Concerning the Subtlety of Our Idolatry

Our nature, by the corruption of the first sin, is so deeply curved in on itself that it not only bends the best gifts of God toward itself and enjoys them (as is plain in the works-righteous and hypocrites), or rather even uses God himself in order to attain those gifts, but it also fails to realize that it so wickedly and viciously seeks all things, even God, for its own sake.

[…]

By the same steps [of idolatry] people even today arrive at a spiritual and more subtle idolatry, which is now quite common, by which God is worshiped, not as he is, but as he is imagined and reckoned to be. For ingratitude and love of vanity (that is, one’s sense of oneself and of one’s own righteousness, or, as they say, one’s good intention) violently blind people, so that they are incorrigible, and unable to believe otherwise than that they are acting splendidly and pleasing God. And in this way they form a God favorable to themselves, even though he really is not so. And so they more truly worship their fantasy than the true God, whom they believe to be like that fantasy.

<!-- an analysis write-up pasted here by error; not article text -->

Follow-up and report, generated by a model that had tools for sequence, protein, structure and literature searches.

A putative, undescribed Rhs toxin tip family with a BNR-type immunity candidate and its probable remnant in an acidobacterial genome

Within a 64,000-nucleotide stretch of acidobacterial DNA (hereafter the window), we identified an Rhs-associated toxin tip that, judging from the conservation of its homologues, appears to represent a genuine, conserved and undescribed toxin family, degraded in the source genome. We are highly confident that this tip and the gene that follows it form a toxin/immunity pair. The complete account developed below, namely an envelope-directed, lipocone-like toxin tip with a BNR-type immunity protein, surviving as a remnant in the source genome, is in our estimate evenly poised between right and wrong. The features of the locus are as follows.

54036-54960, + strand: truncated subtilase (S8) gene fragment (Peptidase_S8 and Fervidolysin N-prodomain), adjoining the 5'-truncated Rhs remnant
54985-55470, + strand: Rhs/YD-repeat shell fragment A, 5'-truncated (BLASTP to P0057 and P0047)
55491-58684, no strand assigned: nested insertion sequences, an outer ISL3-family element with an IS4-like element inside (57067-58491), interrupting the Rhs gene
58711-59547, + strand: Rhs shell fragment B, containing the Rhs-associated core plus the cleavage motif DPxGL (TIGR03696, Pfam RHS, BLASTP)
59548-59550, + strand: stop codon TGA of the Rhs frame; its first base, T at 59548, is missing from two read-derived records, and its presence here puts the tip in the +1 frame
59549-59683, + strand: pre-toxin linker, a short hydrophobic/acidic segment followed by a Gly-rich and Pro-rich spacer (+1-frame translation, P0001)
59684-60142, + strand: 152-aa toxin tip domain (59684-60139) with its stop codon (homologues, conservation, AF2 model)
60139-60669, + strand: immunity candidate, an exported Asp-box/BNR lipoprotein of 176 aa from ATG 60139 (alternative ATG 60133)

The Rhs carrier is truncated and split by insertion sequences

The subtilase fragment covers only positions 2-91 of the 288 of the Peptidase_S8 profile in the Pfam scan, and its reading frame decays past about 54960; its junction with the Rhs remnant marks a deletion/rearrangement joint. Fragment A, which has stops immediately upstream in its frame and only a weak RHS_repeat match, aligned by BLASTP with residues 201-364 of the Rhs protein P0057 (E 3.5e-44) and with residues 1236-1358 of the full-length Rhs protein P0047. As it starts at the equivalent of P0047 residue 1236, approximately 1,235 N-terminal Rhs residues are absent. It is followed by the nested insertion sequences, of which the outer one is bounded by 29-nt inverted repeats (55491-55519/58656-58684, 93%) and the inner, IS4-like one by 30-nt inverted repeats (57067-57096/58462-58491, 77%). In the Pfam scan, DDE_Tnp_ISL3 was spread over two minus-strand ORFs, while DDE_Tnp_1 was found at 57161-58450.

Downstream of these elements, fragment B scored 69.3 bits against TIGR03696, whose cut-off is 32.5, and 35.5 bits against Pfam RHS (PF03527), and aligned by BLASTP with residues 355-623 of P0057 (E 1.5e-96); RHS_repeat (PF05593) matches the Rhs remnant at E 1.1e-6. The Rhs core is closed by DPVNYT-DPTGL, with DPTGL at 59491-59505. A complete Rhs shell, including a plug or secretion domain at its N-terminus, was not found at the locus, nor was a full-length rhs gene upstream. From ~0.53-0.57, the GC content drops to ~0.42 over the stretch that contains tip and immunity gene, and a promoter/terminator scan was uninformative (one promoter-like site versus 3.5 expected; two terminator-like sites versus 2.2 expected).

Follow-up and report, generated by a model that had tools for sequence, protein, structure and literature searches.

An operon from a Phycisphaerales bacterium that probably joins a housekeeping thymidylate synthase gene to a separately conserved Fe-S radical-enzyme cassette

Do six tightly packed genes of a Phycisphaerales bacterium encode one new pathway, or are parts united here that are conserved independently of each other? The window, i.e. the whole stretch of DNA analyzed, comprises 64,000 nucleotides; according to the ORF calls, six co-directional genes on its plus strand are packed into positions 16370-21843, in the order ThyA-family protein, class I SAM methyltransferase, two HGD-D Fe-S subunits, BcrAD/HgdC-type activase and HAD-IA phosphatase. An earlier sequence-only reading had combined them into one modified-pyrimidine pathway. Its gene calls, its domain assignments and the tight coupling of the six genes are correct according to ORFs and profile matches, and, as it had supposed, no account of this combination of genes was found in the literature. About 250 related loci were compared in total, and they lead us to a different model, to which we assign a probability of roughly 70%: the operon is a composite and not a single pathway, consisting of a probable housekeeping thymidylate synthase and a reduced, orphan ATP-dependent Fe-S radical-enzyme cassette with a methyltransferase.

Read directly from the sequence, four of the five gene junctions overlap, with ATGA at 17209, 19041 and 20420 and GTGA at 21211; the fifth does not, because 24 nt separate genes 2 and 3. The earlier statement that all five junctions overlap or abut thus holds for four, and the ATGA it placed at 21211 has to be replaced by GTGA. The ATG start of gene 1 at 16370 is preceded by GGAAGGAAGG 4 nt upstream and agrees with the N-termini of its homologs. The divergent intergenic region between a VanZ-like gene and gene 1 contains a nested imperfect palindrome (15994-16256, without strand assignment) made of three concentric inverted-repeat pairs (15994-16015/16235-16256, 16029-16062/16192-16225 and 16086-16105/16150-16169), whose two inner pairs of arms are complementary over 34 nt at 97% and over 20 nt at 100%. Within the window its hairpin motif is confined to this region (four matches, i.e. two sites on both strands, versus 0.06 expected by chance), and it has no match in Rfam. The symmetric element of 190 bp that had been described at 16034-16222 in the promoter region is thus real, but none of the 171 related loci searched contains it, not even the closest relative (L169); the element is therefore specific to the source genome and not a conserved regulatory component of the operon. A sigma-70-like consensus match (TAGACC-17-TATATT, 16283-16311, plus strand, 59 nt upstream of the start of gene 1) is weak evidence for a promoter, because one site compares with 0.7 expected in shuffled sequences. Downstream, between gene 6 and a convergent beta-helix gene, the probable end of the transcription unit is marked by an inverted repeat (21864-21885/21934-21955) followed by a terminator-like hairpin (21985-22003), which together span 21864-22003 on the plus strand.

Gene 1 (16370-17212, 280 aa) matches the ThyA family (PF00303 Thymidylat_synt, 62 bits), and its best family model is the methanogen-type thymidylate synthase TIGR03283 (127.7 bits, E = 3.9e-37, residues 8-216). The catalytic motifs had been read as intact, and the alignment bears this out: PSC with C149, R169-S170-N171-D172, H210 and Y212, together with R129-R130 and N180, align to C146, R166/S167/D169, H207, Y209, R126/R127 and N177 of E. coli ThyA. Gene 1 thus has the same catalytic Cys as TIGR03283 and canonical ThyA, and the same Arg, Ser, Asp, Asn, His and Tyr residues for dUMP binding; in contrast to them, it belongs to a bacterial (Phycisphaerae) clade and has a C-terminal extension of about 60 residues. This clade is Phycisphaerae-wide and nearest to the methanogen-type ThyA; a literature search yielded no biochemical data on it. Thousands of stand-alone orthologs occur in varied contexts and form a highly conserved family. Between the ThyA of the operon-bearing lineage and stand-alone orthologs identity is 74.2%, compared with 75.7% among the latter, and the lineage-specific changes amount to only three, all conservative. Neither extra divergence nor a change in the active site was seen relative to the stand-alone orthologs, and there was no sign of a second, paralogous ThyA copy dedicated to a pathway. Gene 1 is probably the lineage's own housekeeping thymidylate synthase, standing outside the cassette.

– Martin Luther, as quoted in The End of Protestantism, p. 44.

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